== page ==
It’s never easy to determine what areas of the university will be the victim of budget cuts. Every department at Youngstown State University is feeling the strains of less funding, and Maag Library is no exception.

As it stands now, e-resources — things like OhioLINK, EBSCO and other research databases — make up 65 percent of Maag’s budget. The fact that the cost of these resources is rising does not help.

Where is the line drawn? For any department, not just Maag Library, where do budget cuts go too far and start to impact the education of students?

Susan Clutter, chair of the Academic Senate Library Committee, said it’s the analysis of the usage of each journal to figure out who is using what. In her example, students from a small major may only use one journal, where as a large major may require several journals.

By cutting the only journal a small program needs in favor of one of the several for a larger major, it would throw the research ability of the students and faculty into turmoil.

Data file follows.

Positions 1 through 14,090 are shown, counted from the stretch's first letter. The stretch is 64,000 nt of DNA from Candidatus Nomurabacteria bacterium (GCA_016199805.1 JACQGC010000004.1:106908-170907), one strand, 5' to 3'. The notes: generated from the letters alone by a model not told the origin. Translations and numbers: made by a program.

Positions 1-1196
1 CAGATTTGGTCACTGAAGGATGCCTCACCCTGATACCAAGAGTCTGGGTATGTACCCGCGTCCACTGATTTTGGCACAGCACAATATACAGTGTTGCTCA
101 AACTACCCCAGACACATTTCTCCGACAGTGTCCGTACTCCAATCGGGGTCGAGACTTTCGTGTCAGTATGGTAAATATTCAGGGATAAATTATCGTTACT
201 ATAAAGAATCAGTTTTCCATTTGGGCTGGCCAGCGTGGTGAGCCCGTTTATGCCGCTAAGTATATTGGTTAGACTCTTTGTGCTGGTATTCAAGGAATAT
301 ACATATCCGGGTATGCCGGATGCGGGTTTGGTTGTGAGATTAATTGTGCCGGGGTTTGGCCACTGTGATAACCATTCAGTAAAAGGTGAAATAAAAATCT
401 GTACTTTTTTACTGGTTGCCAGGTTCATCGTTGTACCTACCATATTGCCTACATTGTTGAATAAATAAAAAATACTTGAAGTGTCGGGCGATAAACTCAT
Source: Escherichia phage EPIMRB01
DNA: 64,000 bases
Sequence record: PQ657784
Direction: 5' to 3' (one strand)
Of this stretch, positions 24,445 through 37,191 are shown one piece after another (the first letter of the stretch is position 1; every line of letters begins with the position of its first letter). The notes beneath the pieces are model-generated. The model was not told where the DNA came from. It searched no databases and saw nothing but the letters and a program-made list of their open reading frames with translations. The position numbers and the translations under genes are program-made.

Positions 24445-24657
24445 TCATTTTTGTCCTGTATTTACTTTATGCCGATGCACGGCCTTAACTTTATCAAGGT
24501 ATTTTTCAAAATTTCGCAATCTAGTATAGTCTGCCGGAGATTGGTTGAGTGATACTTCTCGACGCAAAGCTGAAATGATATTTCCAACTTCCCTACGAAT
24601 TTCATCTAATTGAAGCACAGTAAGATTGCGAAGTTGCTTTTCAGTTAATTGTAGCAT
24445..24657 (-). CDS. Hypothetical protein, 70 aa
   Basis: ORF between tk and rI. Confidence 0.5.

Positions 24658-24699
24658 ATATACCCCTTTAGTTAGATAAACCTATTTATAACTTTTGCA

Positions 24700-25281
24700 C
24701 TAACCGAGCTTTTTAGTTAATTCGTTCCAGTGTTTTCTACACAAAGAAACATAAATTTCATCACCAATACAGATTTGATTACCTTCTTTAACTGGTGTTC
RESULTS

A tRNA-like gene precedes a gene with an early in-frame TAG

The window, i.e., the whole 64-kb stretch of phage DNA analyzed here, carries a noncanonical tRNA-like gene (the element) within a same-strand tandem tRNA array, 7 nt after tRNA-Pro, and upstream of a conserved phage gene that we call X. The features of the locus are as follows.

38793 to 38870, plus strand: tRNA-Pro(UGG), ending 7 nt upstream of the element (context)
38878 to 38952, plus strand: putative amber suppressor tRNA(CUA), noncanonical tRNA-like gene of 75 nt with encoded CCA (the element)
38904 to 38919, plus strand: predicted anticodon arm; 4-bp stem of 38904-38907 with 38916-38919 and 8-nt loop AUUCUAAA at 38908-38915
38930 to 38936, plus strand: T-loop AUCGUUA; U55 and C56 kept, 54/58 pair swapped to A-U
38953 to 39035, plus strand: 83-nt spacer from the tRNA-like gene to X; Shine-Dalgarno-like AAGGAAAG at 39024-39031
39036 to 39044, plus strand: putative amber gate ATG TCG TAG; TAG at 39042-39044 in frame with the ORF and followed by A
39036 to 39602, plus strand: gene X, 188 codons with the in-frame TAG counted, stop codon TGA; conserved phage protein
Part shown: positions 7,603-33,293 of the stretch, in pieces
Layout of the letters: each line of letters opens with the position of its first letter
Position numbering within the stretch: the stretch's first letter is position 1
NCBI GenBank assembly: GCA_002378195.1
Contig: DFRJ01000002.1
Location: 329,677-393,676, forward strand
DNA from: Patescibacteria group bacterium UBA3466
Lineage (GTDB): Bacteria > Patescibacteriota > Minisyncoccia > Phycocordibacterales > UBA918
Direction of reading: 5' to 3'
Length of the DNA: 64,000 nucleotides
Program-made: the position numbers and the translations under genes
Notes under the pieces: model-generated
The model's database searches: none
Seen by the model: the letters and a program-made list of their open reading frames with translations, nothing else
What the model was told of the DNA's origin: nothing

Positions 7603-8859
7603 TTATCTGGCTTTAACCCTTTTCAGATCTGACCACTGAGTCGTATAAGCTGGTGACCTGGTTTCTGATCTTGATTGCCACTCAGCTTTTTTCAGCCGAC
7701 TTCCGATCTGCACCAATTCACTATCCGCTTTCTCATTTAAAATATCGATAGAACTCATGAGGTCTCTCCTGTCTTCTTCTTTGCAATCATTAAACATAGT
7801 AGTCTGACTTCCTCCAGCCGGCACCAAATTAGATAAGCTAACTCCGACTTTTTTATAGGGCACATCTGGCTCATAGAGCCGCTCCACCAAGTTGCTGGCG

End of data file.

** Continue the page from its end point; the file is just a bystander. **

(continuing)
It’s not that much different from budget cuts across the university. We hope that those responsible for making the decisions on budget cuts take this into account.

Cutting the budget of a small department for the sake of preserving a large one might not be the best decision for the students of YSU down the road.

The education of students should be a major factor in any decision the administration makes when it comes to cutting budgets and we need all departments to be treated fairly.

YSU is always looking toward the future and striving to be a better university for future students. The quality of education that is given to all students, both present and future, is greatly impacted by budget cuts.

The decisions that Maag Library must make are not specific to them. Every department on campus will face similar decisions. We hope that the education of students is given a very serious consideration when those decisions are made.

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